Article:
It is believed that the basis of Toyota’s success on the international market is the use of the Kaizen philosophy every day, in every area of the company.
Let’s see what it is and what are the main assumptions of Kaizen.
What is Kaizen?
It is a philosophy derived from Japanese culture, which assumes gradual improvement every day. It also assumes that all employees will be involved, at all levels. According to Masaaki Imai, one of the creators of TPS, Kaizen can be defined as “improvement every day, every person and everywhere”.
There are two types of this philosophy. The first employee-oriented, i.e. suggestion system. The second type is team-oriented, i.e. short workshops.
|Cost||Low cost budget||Usually low cost budget|
|Result||New standard||Improvement at the workplace|
|Results presentation||To the management board||To the supervisor|
In order to successfully implement this approach, it is helpful to start with the “Go to Gemba” step. Stop theorizing and go to action, see what the problem actually looks like.
Then, use PDCA – the Plan-Do-Check-Act cycle, which is a motivation for continuous improvement.
Use the 5xWhy tool to look for the root causes of problems, and remember that perfection is a continuous process, so don’t close yourself to the idea that it’s already perfect.
In Kaizen, it is important to use cunning and creativity to find simple and quick solutions, while relying on hard data. In addition, the involvement of all company members is essential – collect ideas from everyone, regardless of position. Throw out excuses and be ready to correct mistakes as you go.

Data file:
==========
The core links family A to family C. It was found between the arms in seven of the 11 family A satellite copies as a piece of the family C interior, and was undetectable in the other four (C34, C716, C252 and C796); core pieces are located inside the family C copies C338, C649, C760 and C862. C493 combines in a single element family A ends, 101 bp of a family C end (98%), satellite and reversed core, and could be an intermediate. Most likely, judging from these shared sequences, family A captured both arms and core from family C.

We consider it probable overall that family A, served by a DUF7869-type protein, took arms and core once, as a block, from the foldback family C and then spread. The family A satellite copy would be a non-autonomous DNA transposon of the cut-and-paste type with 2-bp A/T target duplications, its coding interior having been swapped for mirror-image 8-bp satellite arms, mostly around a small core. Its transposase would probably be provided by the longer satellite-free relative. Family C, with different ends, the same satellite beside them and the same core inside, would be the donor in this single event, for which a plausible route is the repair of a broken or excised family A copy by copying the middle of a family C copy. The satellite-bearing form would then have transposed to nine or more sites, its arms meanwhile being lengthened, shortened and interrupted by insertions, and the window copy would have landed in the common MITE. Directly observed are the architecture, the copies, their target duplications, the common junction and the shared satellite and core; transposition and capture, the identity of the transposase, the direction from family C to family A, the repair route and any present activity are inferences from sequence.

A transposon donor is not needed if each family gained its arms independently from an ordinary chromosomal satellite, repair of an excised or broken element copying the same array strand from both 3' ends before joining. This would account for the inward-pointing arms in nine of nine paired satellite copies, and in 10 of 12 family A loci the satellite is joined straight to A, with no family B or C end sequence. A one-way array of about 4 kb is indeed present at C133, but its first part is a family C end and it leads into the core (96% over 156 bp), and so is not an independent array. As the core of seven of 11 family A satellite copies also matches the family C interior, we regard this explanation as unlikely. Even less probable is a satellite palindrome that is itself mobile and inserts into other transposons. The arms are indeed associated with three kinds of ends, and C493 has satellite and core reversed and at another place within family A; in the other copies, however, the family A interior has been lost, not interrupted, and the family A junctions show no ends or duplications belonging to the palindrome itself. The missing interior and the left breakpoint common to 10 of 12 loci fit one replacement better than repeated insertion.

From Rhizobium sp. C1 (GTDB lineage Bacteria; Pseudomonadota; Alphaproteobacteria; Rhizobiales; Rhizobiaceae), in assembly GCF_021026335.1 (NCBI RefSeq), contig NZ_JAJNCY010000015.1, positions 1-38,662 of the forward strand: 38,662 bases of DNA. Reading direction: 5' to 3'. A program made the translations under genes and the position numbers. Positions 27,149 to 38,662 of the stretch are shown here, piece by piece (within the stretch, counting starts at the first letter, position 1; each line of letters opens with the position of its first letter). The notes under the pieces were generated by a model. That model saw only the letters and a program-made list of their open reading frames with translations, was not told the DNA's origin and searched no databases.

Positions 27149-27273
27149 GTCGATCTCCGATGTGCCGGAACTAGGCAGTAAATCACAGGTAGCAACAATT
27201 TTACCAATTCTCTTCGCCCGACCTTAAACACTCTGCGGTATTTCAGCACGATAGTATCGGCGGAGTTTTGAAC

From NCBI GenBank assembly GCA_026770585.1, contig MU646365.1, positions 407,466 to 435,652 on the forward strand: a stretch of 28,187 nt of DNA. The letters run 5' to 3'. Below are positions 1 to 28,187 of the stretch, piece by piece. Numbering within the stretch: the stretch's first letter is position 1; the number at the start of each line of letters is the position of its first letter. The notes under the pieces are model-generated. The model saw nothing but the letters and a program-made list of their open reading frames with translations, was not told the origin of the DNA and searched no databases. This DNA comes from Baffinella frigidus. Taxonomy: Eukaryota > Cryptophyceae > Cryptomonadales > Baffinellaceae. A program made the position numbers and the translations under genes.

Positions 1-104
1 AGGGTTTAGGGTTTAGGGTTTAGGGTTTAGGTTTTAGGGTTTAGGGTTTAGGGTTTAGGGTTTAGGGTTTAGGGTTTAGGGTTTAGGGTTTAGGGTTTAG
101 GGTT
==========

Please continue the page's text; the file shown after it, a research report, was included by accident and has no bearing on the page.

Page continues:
Whatever work you do, remember to do it with humility and respect. It is these values that will make the Kaizen process an effective tool for improvement, leading to continuous growth and improvement of the company.
Kaizen implementation results
All employees create a new system in which everyone is involved and has defined responsibilities. It is thanks to this, among others, that employees become better at solving problems, gaining valuable skills and experience.
What’s more, employees are developing a process-oriented thinking style, which contributes to the efficiency and improvement of activities throughout the organization. And it is this commitment and the ability to think process that become the foundation of success in everyday work.
Undoubtedly, Lean begins with the Kaizen philosophy, which sets a continuous, never-ending path to improvement. The involvement of all employees raises awareness, and solving problems together undoubtedly improves the atmosphere at work.